The New Zealand cricket side are looking to win their first World Cup in any form of the game. APNZ's Daniel Richardson looks at five reasons why they could make a splash at the bash and dash Twenty20 event when it starts in Sri Lanka next week.
1. Ability to find the blockhole
Tim Southee and Kyle Mills are two seamers who have proven they can find the toes of opposition batsmen, which makes them tough to get away. Who could forget Southee's impressive performance in that super over against Australia in Christchurch in February, 2010, when he limited the Aussies to six runs in the eliminator over and New Zealand cruised to victory? It was a world-class display of death bowling. More of the same next week, Tim. Mills has also been around the block and still has a bit to offer in limited overs cricket.
2. Spinning in
With Ronnie Hira, Daniel Vettori, Nathan McCullum and Rob Nicol, New Zealand have a good collection of spin bowlers. Vettori's record is well known - 100 T20 wickets from 95 games across all the teams he has represented - while McCullum is the sixth-best bowler in T20 internationals according to the ICC. The older McCullum has also snagged an impressive 36 wickets from 34 T20 internationals at 16.58. Hira provides plenty of energy with the ball and Nicol can be handy given he also provides top-order batting.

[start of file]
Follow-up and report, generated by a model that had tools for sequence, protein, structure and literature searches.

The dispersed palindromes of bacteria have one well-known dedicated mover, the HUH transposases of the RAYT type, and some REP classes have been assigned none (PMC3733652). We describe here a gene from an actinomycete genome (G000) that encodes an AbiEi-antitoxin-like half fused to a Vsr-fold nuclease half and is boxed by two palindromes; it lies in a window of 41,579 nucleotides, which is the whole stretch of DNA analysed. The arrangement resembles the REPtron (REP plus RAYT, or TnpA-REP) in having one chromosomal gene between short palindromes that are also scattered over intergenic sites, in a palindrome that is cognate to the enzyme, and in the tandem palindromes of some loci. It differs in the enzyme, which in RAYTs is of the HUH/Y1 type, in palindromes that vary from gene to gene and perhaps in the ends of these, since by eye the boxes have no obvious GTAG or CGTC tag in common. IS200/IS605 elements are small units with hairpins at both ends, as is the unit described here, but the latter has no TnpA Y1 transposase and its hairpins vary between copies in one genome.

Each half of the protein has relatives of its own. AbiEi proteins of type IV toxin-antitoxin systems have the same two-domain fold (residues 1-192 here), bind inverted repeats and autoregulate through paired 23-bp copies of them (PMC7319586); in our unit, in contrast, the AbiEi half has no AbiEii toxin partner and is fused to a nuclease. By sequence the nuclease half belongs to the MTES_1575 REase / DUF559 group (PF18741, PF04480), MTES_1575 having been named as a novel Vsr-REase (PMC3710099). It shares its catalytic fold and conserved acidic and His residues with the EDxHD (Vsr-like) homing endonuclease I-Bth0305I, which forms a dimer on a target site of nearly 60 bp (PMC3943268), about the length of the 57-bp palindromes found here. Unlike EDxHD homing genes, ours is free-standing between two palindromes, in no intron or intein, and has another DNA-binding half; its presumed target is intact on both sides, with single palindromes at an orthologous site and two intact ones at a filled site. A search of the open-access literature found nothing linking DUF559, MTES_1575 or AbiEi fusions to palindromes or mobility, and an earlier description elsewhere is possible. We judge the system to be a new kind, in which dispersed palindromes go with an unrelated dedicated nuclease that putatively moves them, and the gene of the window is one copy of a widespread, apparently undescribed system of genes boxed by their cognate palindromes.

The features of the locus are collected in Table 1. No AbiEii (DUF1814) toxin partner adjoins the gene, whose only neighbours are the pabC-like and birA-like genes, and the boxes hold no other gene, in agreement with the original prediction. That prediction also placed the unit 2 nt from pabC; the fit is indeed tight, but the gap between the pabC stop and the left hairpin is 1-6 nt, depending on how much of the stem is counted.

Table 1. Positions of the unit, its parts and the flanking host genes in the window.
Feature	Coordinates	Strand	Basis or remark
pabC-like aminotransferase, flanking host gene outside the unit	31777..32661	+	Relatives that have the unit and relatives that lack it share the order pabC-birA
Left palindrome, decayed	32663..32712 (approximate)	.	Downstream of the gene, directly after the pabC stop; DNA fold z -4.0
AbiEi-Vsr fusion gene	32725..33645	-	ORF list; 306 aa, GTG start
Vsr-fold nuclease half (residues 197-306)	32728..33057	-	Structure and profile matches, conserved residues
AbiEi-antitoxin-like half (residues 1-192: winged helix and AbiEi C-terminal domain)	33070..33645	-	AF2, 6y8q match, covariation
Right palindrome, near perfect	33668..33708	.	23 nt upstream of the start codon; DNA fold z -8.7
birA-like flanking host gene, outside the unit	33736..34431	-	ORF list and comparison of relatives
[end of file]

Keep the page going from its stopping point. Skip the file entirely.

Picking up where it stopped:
3. Brendon McCullum
It seems like a long time since McCullum last played a meaningful, match-winning innings for New Zealand. He seems due to do it again and what time better than a World Cup in the format where he has a decent international record? The right-hander has scored 1352 runs in T20 internationals - the most of any player - so he has the talent. He has become a target for talkback callers who have questioned his output for New Zealand given his production while playing for lucrative T20 contracts. The 30-year-old could silence some doubters this month.
4. Veteran experience
Vettori, Mills, Jacob Oram, Ross Taylor, James Franklin and the McCullum brothers have played in numerous T20 competitions around the globe from Sri Lanka to Australia. Franklin has spent the past few months in England with Essex as well as a stint in the Indian Premier League, while Oram and Mills both played in the Sri Lankan T20 league recently. It's also the last time this group of players are likely to come together for a World Cup so they will want to go out on a high.
5. The format
T20 is unpredictable. It takes only one or two players to fire and a team can obliterate an opposition. To give an idea of how crazy it can be, Australia are ranked ninth in the world, but were recently 10th - below Ireland. New Zealand have the individuals to swing a game and they need just a couple to come to the fore at key times so they can pass the semifinal barrier that is seemingly impossible for them to overcome in the 50-over World Cups format.